NASA BWB Concept at v=290 m/s. Stl file from NASA OpenVSP.
Today, personal computers, laptops and even phones are extremely fast. However, engineering student are forced to limit exciting design projects such as passenger jets and futuristic supersonic transports to the conceptual design phase of subsonic flight. The main reason for this is that current analysis tools such as CFD software can take too long for students to master over one or two semesters when faced with additional obligations such as non-engineering courses, part time jobs and other graduation requirements.
Aerospace engineering should be fun (because it is). A quick and easy tool can help students design and analyze (on their own) race cars, jets, UAVs, and other vehicles. It can help them to determine how delta wings of various shapes work at different angles of attack and even at supersonic speeds.
AR=2, 100 m/s at 25 deg. angle of attack (pressure).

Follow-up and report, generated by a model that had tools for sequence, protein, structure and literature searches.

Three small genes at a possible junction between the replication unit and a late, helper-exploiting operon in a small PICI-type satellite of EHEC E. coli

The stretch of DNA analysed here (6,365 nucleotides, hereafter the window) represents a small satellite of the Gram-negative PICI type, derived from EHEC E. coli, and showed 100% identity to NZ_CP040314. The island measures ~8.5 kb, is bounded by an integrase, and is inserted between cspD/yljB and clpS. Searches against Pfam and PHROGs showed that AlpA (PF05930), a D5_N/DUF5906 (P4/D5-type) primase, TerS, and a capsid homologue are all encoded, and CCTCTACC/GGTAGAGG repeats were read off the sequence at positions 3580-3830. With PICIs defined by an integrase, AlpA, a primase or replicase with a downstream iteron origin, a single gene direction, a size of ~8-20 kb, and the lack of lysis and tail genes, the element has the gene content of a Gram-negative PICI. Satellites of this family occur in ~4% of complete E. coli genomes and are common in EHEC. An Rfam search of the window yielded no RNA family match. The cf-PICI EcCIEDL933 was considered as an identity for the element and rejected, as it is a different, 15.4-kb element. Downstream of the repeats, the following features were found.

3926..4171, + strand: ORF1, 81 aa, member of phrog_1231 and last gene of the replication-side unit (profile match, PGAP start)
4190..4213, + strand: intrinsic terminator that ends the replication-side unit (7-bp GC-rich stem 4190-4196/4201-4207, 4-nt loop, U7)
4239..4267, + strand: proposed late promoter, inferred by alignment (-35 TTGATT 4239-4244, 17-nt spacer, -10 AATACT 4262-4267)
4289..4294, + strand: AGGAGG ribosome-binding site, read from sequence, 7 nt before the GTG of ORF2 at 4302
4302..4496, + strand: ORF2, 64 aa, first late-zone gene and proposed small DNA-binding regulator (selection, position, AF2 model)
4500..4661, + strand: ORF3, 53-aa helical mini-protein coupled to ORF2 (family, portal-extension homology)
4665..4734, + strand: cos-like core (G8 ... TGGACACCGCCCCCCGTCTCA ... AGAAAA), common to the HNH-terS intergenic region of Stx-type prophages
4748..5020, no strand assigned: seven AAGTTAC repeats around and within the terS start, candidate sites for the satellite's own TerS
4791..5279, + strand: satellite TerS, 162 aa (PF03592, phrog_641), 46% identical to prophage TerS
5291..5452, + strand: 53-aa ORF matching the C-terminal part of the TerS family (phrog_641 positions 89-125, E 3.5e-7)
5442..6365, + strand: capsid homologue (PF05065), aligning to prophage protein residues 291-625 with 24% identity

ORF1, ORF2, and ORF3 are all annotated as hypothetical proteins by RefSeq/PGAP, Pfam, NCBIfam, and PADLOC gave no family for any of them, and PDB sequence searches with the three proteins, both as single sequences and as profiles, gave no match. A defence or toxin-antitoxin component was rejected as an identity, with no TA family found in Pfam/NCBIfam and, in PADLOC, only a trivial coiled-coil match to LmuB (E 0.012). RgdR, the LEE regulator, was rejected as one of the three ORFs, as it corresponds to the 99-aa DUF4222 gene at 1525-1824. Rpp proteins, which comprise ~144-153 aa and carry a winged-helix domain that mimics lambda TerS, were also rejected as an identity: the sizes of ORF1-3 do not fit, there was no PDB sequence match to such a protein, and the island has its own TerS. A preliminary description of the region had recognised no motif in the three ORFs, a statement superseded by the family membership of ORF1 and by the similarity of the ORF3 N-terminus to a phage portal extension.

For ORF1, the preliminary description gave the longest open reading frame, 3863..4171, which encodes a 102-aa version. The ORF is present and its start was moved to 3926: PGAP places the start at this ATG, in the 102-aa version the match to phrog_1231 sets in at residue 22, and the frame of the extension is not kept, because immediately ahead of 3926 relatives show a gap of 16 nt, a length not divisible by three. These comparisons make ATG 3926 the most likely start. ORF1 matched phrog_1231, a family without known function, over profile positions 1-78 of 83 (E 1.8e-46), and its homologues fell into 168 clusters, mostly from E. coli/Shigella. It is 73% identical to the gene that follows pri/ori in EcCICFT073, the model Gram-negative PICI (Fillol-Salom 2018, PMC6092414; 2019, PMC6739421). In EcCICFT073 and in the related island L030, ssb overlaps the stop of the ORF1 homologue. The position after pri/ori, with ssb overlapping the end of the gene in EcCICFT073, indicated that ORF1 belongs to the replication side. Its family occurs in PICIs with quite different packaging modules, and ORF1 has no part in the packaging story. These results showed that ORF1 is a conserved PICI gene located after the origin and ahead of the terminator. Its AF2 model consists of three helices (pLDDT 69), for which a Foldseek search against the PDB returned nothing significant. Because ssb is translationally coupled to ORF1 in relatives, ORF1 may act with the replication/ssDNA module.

AR=1, 100 m/s at 25 deg. angle of attack (pressure).
AR 2, 670 m/s, 25 deg angle of attack (pressure).
Even with time constraints, students can use their personal computers to take designs to the next speed. Using Stallion 3D, it only takes about one minute to setup a jet for analysis on a laptop computer.
The analysis can be completed (about 6 hours for 500K cells) while they use their computer for other assignments or get valuable sleep.
Stallion 3D works well with other tools available to the student (suchs as NASA's OpenVSP). The following video shows how the two can work together.
The whole idea of Stallion 3D is to accelerate aerospace engineering education to any speed or at least to move as fast as a cow.
Cow in ground effect at M=1.6
Cow with store (M=1.6)
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